1st March 2007, 01:18 PM  #2 
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AWESOME. You have made my day.
Kage 
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1st March 2007, 01:57 PM  #3 
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PEAR got good results?
Actually, this is very good data! Thanks. 
1st March 2007, 02:34 PM  #4 
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1st March 2007, 02:43 PM  #5 
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Yes, we could.
Think about it. These people have spent years  decades  of their lives doing these tests. They claim that they do have positive evidence. So, yes, we could actually find someone to volunteer a year's worth of their life full time sitting in on this exam. Provided they really believed that they would get a positive result. But they don't volunteer. Because they know that they don't have this evidence. These tests cannot have taken all that much time. Maybe a couple of hours each day? Even if 8 hours was spent on nothing, the rest of the time would be spent on...whatever you want. It's the paranormal gravy train. 
1st March 2007, 04:09 PM  #6 
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Ah, I should have stated more clearly... When I asked if we could find someone to sit in for a year, I should have said, "I don't think the JREF could find someone to waste a year of their life volunteering to oversee some woo perform this kind of a test." If I'm the one who's going to win (or try to scam) the $1,000,000, sure I'll do it. But the JREF people have lives to lead. A year for a preliminary test? And no one pays the referees for any of their time? And to sit through 250,000 dice throws and be totally aware and looking out for any kind of cheating? The JREF volunteer would snap for certain.

1st March 2007, 04:19 PM  #7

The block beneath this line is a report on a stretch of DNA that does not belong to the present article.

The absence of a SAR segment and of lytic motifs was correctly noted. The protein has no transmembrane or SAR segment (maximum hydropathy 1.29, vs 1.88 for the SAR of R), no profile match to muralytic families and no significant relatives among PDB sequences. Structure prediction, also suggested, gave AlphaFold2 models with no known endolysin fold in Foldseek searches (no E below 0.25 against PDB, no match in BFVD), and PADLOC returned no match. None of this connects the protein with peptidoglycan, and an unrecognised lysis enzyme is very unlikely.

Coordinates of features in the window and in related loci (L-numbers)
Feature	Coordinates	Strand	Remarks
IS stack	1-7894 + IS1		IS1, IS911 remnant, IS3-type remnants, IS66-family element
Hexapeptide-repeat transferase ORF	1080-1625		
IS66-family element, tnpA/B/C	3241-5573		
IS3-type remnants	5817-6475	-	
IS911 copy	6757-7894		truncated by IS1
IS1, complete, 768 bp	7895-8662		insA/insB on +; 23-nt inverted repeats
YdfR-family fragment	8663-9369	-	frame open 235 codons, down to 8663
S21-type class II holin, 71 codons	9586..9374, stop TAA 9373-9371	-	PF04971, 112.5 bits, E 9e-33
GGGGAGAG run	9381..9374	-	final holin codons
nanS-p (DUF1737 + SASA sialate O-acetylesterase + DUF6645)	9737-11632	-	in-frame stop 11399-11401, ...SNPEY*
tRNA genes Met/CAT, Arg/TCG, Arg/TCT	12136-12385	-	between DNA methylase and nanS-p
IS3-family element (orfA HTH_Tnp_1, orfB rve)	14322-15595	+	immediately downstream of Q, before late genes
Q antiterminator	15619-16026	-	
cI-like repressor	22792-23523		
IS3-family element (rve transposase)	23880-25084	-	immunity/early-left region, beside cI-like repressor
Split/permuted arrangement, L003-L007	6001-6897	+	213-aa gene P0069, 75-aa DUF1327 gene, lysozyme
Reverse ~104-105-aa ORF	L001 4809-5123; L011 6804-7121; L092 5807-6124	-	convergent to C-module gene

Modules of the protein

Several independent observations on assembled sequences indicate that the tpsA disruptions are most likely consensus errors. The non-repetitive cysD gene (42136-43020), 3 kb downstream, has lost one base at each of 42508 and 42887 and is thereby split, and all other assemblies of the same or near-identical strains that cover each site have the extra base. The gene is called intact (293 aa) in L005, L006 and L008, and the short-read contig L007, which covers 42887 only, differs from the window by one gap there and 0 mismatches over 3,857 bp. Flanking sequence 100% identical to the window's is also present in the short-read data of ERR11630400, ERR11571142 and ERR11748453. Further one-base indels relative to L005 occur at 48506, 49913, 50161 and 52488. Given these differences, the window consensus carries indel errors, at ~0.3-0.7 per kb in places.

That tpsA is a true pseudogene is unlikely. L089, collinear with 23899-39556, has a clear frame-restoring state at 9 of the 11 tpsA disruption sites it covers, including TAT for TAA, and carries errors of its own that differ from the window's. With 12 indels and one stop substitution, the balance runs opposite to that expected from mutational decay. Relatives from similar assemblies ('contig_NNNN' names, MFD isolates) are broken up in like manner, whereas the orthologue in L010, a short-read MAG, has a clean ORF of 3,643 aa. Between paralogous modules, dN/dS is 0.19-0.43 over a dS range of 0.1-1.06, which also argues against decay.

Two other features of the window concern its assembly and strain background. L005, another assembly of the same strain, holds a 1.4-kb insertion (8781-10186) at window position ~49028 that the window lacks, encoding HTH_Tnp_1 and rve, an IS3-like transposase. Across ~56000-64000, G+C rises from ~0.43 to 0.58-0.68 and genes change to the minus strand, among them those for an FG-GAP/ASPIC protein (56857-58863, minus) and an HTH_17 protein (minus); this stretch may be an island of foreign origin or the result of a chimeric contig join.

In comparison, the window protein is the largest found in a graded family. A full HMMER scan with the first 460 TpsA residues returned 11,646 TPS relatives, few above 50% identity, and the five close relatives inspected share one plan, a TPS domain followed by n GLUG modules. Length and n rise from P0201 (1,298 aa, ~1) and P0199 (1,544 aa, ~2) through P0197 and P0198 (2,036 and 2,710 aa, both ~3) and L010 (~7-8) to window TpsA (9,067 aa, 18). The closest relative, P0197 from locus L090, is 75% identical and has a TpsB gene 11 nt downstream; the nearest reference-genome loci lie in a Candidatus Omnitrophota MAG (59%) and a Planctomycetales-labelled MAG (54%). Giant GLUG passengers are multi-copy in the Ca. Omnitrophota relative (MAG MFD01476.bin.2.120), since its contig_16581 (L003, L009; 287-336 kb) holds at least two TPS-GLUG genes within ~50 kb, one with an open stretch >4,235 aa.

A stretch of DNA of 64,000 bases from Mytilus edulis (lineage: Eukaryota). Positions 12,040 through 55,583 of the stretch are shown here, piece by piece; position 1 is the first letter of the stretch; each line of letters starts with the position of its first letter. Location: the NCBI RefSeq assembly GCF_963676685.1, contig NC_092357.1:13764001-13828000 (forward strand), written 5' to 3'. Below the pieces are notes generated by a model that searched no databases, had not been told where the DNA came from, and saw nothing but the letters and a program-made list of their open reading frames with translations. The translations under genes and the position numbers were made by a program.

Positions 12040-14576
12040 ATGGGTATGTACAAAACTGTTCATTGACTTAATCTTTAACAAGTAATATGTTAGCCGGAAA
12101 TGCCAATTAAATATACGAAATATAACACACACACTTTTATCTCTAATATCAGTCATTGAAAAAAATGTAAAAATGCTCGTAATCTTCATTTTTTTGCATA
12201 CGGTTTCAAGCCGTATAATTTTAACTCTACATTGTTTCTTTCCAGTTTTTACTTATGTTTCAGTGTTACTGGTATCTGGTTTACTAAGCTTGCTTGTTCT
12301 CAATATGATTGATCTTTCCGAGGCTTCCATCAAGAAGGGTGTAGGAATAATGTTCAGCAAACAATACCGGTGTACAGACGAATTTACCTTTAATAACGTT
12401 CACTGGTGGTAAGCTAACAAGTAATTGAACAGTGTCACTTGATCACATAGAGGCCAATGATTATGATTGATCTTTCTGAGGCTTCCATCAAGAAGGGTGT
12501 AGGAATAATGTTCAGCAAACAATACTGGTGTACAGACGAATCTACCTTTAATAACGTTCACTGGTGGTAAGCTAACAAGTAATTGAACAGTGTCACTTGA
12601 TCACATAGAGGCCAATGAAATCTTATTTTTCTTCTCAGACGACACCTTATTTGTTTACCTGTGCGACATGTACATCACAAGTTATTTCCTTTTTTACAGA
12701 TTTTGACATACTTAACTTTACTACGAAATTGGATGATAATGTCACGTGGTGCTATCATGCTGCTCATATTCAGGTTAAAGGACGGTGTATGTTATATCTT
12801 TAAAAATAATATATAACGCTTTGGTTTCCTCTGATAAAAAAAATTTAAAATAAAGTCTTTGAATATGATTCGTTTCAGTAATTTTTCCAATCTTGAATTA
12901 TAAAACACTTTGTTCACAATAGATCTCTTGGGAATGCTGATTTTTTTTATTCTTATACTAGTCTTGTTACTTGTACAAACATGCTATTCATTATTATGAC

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Glad you liked it. I still would love to be able to try to pass this off to a woo journal and see if they buy it as real and concrete proof. I'm in a spiteful and vengeful mood today.
Well, sure! You look hard enough, you'll always get good results. Or as I was taught in school, "If you torture the data enough, it will confess." And, of course, all good statisticians hang out at S&M bars. It's true! 
2nd March 2007, 01:27 AM  #8 
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I don't know enough about the RNG experiments to say whether this optimal stopping actually occured.
Another way figures could be inflated is if a subject is expected to do a set number of trials. If they start badly and get disheartened, they are much more likely to drop out compared to those who just so happen to start well. Since they don't complete their preset number of trials, their data maybe removed from the results, skewing the results in a positive direction. 
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2nd March 2007, 02:10 AM  #9 
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very nice write up. this stuff should be obvious, yet it's ridiculous how many qualified individuals and professionals overlook this stuff, whether it's by choice, ignorance or stupidity.

2nd March 2007, 03:56 AM  #10 
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That was the whole reason I wanted to try the simulations. In reading up on how these studies are flawed, people always mention the floating starting point issue. "Oh no, 5 misses right off the bat? Is the equipment working? Do you need more time to warm up? Let's start again." Then there are people who lie, who claim that the person being tested started to tire, and their last number of results were tossed out. But this one is easier to catch, since all data must be reported, and you can simply ask why these observations weren't used. I wanted to know exactly what happens if we're free to stop whenever we chose to, and how that may skew results. It's bigger than I thought. And in my case, I am using each and every observation, I didn't delete a single one.
I did work out a nice catch to see if this juryrigging is going on. All of my positive tests were between 30 to 385 observations. All of my negative tests had exactly 385. We can look to see if the successes have, on average, a much lower number of trials than the misses in the study. If so, we've caught them. This should work with your example of inflation as well. 
2nd March 2007, 04:21 AM  #11 
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That was a nice demonstration of how a systematic bias can create pattern from randomness. If you have a collection of random data and use randomness to look for a pattern, no pattern emerges. If you use a pattern to look for a pattern, then a pattern emerges.
Do you know whether or not this particular flaw was present in the PEAR data  i.e. did individual operators stop early? I thought they were blinded as to the results. ETA: Oops, already asked and answered, I see. Linda 
2nd March 2007, 04:21 AM  #12 
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2nd March 2007, 04:38 AM  #13 
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2nd March 2007, 07:16 AM  #14